Engaging customer senses to leverage service marketing strategies
Research has documented significant positive effects of sensory marketing on consumer outcomes in the product domain. Meanwhile, service research in this area is still at an early stage holding great potential for service marketing theory and practice.
Marketing theory and practice has recently shifted focus to studying and developing more sensorially engaging products (Krishna, Cian, & Aydinoglu, 2017). The sensory aspects of a product (smell, sound, touch, taste and look) individually and in interactions with each other have significant influence on the holistic customer experience and ultimately on customer outcomes, e.g. willingness to pay. Extant research has shown that sensory marketing allows to significantly leverage the effectiveness of marketing strategies. This is because focus on sensory aspects engages unconscious triggers (by appealing to basic senses) that increase the impact of marketing messages even in conditions of marketing clutter and customer reactance. While being a burgeoning research area in consumer behavior, sensory marketing has received limited attention in service research. This is unfortunate since sensory elements are an integral part of physical servicescapes and online service solutions, e.g. angles, shape of servicescape elements, colors, ambient lighting and sound. These elements can be powerful tools in leveraging the effectiveness of service marketing strategies.
Existing studies on consumer products have demonstrated the effectiveness of sensory factors in getting consumers´ attention and initiating consumer experience. For example, integrating the elements of touch into packaging, e.g. by allowing consumers to feel the freshness of a product increases impulse purchasing (Peck & Shu, 2009). Also, design of a food product packaging that describes a multiple sensory experience (sound, touch, smell) of consuming the product (potato chips) results in more positive product evaluations vs. single sense descriptions (Elder & Krishna, 2010).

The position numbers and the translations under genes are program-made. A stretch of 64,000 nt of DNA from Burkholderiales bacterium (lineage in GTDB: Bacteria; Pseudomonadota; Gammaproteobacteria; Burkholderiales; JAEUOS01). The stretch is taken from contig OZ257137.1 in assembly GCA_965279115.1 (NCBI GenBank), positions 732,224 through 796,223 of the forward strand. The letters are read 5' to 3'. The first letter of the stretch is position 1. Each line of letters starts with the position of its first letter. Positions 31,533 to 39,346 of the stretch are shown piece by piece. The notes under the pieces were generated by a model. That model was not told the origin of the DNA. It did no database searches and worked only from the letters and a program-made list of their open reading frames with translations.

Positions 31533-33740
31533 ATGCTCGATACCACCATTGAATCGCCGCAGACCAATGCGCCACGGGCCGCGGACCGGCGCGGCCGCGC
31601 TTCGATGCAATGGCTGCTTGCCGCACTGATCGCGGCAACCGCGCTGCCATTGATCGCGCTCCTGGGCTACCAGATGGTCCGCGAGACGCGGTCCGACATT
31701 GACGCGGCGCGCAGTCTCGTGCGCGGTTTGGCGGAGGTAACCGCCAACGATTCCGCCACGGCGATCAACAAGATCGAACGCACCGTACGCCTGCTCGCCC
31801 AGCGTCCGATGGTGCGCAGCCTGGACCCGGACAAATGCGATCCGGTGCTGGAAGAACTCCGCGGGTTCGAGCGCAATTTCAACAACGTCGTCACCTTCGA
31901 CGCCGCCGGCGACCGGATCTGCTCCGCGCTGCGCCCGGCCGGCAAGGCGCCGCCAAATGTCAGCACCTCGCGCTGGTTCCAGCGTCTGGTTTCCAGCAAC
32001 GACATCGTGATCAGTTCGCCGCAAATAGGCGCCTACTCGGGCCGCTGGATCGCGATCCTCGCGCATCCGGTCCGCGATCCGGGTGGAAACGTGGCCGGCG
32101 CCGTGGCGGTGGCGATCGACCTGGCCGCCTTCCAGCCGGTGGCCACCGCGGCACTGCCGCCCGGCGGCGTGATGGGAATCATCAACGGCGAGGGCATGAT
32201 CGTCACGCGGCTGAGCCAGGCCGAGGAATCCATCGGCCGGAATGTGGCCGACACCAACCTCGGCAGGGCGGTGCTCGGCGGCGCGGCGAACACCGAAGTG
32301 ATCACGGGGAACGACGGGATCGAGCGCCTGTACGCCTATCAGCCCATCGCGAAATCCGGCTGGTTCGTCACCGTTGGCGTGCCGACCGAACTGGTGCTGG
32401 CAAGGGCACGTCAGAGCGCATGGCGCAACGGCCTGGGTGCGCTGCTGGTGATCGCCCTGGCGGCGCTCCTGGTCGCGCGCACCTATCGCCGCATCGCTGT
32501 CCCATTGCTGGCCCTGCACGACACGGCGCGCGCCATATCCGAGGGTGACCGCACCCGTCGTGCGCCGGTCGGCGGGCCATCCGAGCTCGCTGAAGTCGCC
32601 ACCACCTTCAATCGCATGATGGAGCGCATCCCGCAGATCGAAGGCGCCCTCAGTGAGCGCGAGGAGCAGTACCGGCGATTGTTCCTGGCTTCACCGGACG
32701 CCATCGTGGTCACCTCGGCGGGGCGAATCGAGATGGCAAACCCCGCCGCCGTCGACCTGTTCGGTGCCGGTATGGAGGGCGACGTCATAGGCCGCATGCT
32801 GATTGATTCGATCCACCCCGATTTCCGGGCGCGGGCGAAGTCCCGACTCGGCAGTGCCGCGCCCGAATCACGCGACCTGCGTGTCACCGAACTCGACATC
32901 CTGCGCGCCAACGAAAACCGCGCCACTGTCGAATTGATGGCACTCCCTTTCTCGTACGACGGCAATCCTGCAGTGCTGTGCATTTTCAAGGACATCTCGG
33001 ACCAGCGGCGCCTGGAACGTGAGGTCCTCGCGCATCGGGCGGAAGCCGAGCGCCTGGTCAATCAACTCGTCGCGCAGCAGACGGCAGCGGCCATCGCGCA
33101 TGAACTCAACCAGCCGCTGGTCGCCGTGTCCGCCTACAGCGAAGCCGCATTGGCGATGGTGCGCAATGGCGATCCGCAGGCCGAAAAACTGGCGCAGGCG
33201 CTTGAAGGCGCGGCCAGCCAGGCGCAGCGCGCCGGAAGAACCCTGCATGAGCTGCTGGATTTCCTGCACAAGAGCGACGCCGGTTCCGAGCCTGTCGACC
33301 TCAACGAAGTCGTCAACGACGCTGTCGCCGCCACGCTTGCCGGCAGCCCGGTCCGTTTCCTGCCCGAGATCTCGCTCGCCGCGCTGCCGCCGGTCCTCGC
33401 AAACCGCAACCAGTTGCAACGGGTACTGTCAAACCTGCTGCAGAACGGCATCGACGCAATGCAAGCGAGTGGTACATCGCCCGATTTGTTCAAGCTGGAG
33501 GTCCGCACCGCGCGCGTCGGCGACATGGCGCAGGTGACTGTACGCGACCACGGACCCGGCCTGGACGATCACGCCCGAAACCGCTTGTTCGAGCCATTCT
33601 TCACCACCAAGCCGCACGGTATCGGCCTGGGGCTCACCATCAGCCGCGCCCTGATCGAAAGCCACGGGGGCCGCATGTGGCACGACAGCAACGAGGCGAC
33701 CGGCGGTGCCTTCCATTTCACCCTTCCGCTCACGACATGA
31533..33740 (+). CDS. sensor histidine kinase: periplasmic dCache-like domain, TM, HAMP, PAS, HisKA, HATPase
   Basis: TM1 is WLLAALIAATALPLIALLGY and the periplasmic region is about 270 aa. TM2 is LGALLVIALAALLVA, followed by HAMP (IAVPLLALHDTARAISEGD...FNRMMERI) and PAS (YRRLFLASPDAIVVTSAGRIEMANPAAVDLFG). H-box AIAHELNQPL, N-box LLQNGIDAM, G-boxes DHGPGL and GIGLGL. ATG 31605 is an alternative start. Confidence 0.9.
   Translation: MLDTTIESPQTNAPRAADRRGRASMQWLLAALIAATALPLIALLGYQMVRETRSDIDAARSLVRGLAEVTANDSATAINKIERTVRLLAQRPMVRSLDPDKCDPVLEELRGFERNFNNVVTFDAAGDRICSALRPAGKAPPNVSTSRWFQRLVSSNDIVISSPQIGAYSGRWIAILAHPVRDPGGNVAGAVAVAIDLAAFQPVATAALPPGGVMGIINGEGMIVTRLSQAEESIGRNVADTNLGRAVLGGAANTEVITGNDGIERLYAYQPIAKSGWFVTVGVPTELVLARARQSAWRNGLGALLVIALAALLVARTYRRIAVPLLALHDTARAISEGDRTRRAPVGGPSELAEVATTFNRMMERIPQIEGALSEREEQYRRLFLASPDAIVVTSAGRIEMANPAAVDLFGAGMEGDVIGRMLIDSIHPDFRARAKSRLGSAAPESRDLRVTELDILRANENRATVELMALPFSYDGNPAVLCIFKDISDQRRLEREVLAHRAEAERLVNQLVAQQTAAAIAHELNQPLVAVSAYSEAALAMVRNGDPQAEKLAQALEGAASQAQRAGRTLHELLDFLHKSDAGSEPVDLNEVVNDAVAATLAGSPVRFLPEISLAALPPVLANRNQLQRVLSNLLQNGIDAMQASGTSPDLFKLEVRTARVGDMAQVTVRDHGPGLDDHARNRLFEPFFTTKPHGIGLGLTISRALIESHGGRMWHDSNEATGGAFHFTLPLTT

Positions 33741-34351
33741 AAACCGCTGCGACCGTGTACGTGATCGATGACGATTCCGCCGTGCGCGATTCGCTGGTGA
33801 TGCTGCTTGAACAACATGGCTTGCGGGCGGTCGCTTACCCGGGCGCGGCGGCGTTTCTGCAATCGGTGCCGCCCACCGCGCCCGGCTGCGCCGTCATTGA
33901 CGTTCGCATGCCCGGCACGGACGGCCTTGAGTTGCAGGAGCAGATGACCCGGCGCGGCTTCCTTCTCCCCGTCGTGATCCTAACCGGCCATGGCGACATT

Baek, E., Choo, H. J., & Lee, S. H. 2018. Using warmth as the visual design of a store: Intimacy, relational needs, and approach intentions. Journal of Business Research, 88: 91-101.
Biswas, D., Szocs, C., Chacko, R., & Wansink, B. 2017. Shining Light on Atmospherics: How Ambient Light Influences Food Choices. Journal of Marketing Research (JMR), 54(1): 111-123.
Elder, R. S., & Krishna, A. 2010. The Effects of Advertising Copy on Sensory Thoughts and Perceived Taste. Journal of Consumer Research, 36(5): 748-756.
Krishna, A., Cian, L., & Aydinoglu, N. Z. 2017. Sensory Aspects of Package Design. Journal of Retailing, 93(1): 43-54.
Liu, S. Q., Bogicevic, V., & Mattila, A. S. 2018. Circular vs. angular servicescape: “Shaping” customer response to a fast service encounter pace. Journal of Business Research, 89: 47-56.
Peck, J., & Shu, S. B. 2009. The Effect of Mere Touch on Perceived Ownership. Journal of Consumer Research, 36(3): 434-447.
Emerging studies from service research document the potential of sensory marketing in services. For example, one study found that angular shapes of a physical servicescape increase customer satisfaction in a busy service environment (Liu, Bogicevic, & Mattila, 2018). Conversely, circular shapes drive customer satisfaction in a relaxed service environment. Further, a warm store design (e.g. by using bricks or wood) leveraged patronage intentions for customers with higher relational needs (Baek, Choo, & Lee, 2018). Bright ambient lighting in restaurants leads customers to choose healthier food options relative to dim lighting (Biswas, Szocs, Chacko, & Wansink, 2017).
These are only the first steps in advancing understanding of the role of sensory marketing in service research. Many areas are still poorly understood offering exciting research opportunities. Sensory marketing is also of great importance for service marketing practice. Based on the above sensory marketing has a great potential to deliver a more optimal customer experience, promote adoption, increase satisfaction and willingness to pay for services in both traditional and digital channels.